Retail Design: Canadians Planning To Do Bulk Of Holiday Shopping In-Store
Every year there are reports of the demise of the retail industry, as more and more people take their shopping online.
A recent survey of over 2,500 Canadians, conducted by Leger Marketing on behalf of the Retail Council of Canada, provides some good news for retailers.
According to the Holiday Shopping in Canada 2019 survey, 72% of holiday shopping will take place in-store. It is expected 28% of shopping will be done online through computers, tablets or mobile devices.
“More than two-thirds of Canadians want the tactile experience,” explains Karl Littler, Senior Vice President of Public Affairs for the Retail Council of Canada.
“They want to touch and feel things before they buy them. [People] feel that shopping in malls or stores is part of the festive experience.”
Charl de la Harpe is the lead architect and principal for CTM Design: a Calgary-based firm that specializes in retail design for many of the country’s largest brands. He is confident retail businesses will continue to be a destination for shoppers seeking more than just a great bargain.
“The ability to offer exceptional in-person experiences is a distinct competitive advantage that brick and mortar businesses will always have over online competitors. Thoughtful design is essential to creating an inviting atmosphere,” de la Harpe says.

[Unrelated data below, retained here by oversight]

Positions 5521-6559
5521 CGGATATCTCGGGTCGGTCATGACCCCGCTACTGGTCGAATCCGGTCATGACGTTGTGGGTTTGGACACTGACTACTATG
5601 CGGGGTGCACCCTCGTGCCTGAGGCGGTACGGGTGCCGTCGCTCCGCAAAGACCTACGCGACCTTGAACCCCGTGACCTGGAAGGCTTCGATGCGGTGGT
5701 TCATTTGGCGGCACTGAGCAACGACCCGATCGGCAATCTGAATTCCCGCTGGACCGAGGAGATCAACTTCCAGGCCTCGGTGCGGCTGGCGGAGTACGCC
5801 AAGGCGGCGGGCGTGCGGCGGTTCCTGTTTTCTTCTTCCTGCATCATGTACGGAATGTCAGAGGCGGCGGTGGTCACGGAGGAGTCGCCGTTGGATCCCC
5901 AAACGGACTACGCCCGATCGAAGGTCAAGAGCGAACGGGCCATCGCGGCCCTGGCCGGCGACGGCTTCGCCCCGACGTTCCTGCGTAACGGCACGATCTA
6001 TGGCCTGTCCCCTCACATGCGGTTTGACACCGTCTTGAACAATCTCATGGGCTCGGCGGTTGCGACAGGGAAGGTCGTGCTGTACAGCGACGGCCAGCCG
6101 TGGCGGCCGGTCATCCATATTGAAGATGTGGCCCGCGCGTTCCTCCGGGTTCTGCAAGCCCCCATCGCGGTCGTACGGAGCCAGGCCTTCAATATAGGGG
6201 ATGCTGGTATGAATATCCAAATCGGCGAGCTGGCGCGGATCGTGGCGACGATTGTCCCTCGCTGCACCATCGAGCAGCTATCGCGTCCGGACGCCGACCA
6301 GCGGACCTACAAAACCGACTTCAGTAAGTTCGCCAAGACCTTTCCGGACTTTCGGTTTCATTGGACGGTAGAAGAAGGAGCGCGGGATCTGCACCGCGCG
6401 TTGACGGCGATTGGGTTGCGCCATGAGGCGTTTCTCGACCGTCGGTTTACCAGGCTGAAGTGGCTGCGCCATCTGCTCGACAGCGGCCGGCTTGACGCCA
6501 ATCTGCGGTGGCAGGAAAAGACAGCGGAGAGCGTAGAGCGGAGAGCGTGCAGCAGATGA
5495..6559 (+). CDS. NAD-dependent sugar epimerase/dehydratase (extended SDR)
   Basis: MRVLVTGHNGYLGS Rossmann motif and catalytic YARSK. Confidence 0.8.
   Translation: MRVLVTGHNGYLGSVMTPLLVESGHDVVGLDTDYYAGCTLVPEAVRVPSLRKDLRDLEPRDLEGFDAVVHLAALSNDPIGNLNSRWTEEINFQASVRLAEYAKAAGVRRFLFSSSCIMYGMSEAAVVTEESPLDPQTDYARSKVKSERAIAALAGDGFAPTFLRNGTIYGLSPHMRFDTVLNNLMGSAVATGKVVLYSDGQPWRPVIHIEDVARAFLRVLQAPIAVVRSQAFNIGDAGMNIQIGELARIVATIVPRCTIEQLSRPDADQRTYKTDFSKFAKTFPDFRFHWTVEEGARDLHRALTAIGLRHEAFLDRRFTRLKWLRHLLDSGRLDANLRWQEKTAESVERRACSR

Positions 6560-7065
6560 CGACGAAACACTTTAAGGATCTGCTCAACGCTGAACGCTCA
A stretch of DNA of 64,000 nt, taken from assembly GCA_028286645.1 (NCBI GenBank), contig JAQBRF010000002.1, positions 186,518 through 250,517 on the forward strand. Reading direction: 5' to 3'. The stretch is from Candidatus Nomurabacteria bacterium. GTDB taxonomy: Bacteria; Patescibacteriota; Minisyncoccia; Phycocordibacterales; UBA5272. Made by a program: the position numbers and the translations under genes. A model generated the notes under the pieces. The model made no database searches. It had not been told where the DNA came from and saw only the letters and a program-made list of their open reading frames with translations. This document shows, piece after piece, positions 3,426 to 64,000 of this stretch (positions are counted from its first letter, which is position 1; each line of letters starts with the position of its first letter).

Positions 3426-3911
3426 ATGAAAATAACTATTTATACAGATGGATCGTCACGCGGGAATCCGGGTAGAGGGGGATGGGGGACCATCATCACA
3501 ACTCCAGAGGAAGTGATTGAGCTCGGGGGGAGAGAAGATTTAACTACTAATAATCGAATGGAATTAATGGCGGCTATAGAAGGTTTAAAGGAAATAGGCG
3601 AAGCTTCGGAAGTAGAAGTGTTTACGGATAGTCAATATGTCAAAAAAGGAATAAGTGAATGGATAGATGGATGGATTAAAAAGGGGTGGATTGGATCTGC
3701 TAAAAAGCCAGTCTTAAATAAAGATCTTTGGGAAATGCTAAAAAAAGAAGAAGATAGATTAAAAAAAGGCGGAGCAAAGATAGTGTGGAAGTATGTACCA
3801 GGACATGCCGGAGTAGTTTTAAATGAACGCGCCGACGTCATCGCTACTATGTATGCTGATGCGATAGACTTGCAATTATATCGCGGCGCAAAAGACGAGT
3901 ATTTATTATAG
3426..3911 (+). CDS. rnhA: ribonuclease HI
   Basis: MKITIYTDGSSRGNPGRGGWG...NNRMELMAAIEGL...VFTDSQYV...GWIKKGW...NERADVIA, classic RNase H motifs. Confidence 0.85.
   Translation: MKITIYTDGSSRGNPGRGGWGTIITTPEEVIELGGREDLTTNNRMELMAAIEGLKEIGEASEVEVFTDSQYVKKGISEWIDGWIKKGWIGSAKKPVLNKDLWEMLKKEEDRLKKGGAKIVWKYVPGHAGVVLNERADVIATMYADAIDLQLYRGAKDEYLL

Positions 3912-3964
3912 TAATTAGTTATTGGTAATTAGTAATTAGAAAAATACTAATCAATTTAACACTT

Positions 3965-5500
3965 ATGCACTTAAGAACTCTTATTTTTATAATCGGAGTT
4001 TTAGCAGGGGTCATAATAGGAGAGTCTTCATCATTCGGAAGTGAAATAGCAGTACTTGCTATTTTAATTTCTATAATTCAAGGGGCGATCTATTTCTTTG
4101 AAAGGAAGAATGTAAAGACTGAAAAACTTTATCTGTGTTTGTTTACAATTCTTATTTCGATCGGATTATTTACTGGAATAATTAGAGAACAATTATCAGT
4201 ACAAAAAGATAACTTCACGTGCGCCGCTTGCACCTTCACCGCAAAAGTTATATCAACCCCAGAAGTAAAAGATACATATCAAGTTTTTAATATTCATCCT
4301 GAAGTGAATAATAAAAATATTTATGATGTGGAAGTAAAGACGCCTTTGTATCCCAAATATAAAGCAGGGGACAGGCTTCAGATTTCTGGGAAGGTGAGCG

As an architect, de la Harpe suggests the best spaces are those that don’t feel crowded even when they are busy.
“Retail architects pride ourselves on paying attention to the way customers interact with space. It is as much an art as it is a science. You want people to feel welcome and at ease the minute they enter your store – and to leave the checkout with a big smile and an armful of merchandise.”
Store design and layout can enhance customer experience in numerous ways.
Floorplans can strategically funnel shoppers past key display areas. Ikea is a great example of this.
Lighting and choice of finishes set the mood. While an Apple Store is striking for its polished, high-tech white look and bright lighting, a high-end furniture store may opt for a less-intense, more soothing environment that is more reflective of home.
For retail chains, it is important to find an architect and engineering partner that can seamlessly execute the brand’s design standards, regardless of the size and shape of the space.
“Established retail brands deliver familiarity, predictability, and consistency across every location. The design team is crucial to successfully execute on this. In addition to tailoring the plans to conform to the space, they require knowledge of local bylaws and permitting requirements,” says de la Harpe.
The Retail Industry can be happy with the findings around holiday shopping intentions. Yet they cannot afford to be complacent. The same survey indicated that the number of customers planning to shop boxing day sales in-store falls to 61%: with 30% planning to shop online. And the numbers show that events such as Black Friday are being done with a swipe or a click of the mouse.
So this holiday season, we encourage you to go experience the personal touch of shopping at the mall. Be sure to take time to stop and smell the poinsettias!